The remainder of the novel concerns itself with Tess’ life in New York which begins in the early ’60s. Following her arrival, Tess moves in with her Aunt Molly and another boarder, Fritz; and as the months pass, there is a sense of Tess becoming accustomed to the rhythms of the city. She finds a nursing job at the hospital, and seeks solace in books. New York buzzes with vitality, but as Tess goes about her days, the shadow of loneliness that has characterised her life continues to accompany her.
In time, Tess befriends another Irish nurse, Anne, and the two women rent an apartment together. One day, when Tess joins her flatmate on a picnic, she meets a young Irish lawyer named David. He reminds Tess of a quieter, brighter version of her brother, Oliver, and for the first time in her adult life she feels the pull of attraction:
She was aware of every breath, the flex of every muscle, where his eyes fell, his hands. To be this watchful, this attuned to a man, a stranger, excited and confused her. (pg.71)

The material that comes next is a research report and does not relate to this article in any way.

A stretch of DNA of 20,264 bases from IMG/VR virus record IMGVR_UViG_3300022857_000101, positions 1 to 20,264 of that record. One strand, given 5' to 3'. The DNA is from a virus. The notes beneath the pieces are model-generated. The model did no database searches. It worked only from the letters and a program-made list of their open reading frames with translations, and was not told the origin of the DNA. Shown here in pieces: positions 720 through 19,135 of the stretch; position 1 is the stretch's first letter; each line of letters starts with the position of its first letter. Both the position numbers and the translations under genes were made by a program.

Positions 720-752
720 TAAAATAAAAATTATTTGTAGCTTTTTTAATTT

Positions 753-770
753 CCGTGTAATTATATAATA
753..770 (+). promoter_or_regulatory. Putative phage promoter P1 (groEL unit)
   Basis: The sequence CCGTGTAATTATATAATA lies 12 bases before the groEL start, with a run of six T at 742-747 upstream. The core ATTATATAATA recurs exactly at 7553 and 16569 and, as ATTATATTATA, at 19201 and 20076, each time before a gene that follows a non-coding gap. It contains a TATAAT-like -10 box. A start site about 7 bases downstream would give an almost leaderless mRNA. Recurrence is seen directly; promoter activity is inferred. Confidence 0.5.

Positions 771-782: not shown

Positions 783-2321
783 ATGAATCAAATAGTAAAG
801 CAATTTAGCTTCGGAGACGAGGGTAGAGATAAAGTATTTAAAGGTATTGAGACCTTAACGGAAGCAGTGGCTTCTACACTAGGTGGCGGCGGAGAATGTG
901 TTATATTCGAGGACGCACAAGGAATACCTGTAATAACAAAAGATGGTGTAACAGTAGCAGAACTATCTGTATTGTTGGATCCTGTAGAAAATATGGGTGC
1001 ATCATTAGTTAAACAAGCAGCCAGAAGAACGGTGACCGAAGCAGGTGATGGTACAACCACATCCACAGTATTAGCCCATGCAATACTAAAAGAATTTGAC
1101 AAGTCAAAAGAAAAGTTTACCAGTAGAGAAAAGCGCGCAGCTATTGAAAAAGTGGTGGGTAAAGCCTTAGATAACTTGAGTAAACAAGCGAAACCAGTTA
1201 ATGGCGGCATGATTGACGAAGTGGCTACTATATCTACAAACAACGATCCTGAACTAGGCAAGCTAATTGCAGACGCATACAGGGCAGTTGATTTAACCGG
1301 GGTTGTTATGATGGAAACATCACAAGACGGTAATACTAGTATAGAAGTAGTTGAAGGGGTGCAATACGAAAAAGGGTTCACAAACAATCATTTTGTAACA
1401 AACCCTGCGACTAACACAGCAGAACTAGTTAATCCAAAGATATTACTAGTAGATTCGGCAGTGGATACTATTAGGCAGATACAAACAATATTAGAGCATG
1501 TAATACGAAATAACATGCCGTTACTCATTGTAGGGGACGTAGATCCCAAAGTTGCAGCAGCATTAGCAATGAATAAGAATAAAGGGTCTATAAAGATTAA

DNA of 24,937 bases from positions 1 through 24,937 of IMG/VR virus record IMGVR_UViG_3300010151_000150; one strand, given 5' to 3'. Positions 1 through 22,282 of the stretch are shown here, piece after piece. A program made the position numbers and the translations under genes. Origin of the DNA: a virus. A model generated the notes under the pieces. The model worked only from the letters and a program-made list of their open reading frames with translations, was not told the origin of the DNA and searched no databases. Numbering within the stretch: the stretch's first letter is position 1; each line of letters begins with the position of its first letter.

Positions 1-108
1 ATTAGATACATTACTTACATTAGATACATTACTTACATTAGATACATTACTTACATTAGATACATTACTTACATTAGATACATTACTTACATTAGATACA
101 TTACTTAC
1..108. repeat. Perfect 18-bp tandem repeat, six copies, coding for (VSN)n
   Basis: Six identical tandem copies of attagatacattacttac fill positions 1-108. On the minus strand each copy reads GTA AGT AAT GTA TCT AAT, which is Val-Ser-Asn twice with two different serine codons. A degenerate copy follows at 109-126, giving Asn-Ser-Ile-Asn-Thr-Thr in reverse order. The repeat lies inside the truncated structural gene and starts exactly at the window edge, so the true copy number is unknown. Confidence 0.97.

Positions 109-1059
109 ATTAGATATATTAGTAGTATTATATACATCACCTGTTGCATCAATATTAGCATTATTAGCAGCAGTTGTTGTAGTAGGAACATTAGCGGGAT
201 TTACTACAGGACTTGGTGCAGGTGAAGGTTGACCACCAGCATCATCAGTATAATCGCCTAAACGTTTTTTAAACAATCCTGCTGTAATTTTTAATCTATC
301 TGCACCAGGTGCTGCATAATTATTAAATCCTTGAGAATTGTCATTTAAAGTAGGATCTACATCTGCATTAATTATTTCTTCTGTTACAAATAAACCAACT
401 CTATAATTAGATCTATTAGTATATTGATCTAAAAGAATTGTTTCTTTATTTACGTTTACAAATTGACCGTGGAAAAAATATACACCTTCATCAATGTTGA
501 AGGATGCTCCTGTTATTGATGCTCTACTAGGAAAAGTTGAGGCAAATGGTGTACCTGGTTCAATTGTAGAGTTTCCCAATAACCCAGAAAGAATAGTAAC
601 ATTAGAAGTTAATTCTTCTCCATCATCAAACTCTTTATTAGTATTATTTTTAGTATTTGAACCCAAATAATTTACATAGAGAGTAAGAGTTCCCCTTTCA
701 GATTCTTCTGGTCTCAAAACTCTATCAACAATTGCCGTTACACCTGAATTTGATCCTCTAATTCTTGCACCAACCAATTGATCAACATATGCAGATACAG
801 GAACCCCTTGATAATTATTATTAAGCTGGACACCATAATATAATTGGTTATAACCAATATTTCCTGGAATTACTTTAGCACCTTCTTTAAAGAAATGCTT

Tess longs to see David again. We get a sense that she is wrestling with the uncertainty of these strange new feelings, torn between the possibility of love and a natural tendency to withdraw.
One of the most impressive things about this novel is the intensity of feeling Costello brings to Tess’ story. The prose is spare and controlled but the reader feels a sense of closeness to Tess, as if we have near complete access to her thoughts and emotions. This next quote should help illustrate the style – a passage where Tess and David are alone together at Anne’s wedding reception: